Proposed ballot measure to remove 30-foot height limit in Midway community progresses
A proposal to place a measure on the November ballot to remove the 30-foot building height limit in the Midway-Pacific Highway community has passed the first couple of steps of the approval process and is on its way to the San Diego City Council.
The proposal, which comes from the offices of council members Jennifer Campbell and Chris Cate, passed the first step in May when the council Rules Committee voted to direct the city attorney’s office to prepare the ballot measure’s language and legal analysis.
The committee voted at its June 10 meeting to forward the proposal to the full City Council.
“We expect the item to be docketed at council in late July/early August,” according to Josh Coyne, a representative of Campbell’s District 2 office.
If approved by the council, the citywide ballot measure would allow the community to vote on getting rid of the 30-foot height limit in the Midway-Pacific Highway Community Plan area, but not throughout San Diego, according to a web page on the proposal at bit.ly/midwayfaq. A simple majority vote is required for it to pass.
Critics of the proposed measure say it could be the first step toward San Diego lifting the height limit in the rest of the coastal zone — La Jolla, Pacific Beach, Ocean Beach, Mission Beach and Point Loma.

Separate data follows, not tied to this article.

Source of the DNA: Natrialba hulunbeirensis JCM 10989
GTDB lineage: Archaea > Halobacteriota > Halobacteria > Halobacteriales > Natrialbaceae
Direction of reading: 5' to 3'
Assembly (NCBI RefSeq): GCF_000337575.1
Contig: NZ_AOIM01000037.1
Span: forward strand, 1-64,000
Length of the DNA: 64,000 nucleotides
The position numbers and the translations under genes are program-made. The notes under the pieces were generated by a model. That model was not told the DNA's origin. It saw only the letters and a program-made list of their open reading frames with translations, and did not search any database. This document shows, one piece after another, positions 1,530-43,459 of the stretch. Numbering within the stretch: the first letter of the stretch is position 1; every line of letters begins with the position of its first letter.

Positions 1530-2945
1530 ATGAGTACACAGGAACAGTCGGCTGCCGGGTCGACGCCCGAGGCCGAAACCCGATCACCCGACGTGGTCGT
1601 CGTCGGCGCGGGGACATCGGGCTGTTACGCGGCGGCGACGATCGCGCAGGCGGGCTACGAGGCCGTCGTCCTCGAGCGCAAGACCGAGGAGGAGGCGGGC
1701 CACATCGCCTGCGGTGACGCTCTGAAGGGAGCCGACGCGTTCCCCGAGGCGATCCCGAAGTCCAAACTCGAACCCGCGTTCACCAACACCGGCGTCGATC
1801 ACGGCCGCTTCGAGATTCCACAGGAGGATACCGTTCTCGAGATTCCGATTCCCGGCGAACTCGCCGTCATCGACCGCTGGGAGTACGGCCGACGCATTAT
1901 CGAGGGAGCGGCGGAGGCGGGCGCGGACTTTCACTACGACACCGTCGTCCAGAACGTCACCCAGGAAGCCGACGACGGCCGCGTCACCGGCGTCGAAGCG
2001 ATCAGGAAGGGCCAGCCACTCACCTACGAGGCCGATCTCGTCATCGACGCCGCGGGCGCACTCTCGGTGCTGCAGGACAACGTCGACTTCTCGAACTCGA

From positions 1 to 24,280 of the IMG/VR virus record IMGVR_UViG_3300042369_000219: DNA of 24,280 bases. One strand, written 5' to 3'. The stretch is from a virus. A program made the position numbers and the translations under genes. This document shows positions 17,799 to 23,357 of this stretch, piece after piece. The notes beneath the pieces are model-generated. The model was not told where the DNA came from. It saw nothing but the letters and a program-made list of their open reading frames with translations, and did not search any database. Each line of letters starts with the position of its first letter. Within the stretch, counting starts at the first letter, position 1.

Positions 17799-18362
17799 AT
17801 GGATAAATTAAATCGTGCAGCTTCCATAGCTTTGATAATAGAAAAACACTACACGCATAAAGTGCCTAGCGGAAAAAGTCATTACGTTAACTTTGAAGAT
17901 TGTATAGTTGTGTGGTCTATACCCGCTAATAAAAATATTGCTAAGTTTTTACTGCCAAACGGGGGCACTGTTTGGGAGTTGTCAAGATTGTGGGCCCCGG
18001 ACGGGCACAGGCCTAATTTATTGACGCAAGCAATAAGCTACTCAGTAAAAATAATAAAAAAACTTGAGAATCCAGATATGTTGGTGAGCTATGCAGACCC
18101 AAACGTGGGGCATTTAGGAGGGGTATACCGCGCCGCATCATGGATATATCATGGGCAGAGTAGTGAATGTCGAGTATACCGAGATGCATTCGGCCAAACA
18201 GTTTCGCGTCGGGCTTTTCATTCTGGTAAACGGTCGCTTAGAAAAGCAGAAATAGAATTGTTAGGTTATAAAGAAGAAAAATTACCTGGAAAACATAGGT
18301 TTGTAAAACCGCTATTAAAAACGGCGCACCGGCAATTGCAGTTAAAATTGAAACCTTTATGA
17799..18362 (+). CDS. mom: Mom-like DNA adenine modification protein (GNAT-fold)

The idea behind the proposal is that the Midway District community does not have the same concerns with ocean views as other area communities do. The Midway area is bounded by Interstate 5 to the east, San Diego International Airport to the south, Point Loma to the west and the San Diego River to the north.
“The recent community plan is the guiding planning document for the community,” Coyne said. “That was updated in 2018 and is a real treasure. It is filled with opportunities for green space, parks, new transit opportunities, housing, mixed-use opportunities, even the possibility for a new sports arena complex. The removal of the height limit helps us make Midway better and achieve all of this.”
The proposal would amend the coastal height limit overlay zone section of the San Diego municipal code to exclude the Midway-Pacific Highway Community Plan, eliminating the current height limit and leaving in place municipal code height requirements that vary per parcel.
The web page states there currently is no new “height limit” proposed beyond the existing zoned base heights.
“We have gained the support of the San Diego YIMBY Democrats, Regional Chamber of Commerce, the Building Industry Association of San Diego, Downtown Partnership Political Action Committee and unanimous support from the Midway-Pacific Highway Planning Group,” Coyne said.
Addressing the issue of traffic in the Midway District, Coyne said there are few residents there and that the majority of traffic is from people outside the area coming to shop or attend a concert.
“If more people lived closer, or could afford to live closer, to where they want to shop or play, there would be less car traffic. If we increase revenue opportunities for the area, this means, among many things, an increase in infrastructure investments in alternative forms of transportation” such as buses, trolleys and bikes, he said.
The San Diego Union-Tribune contributed to this report.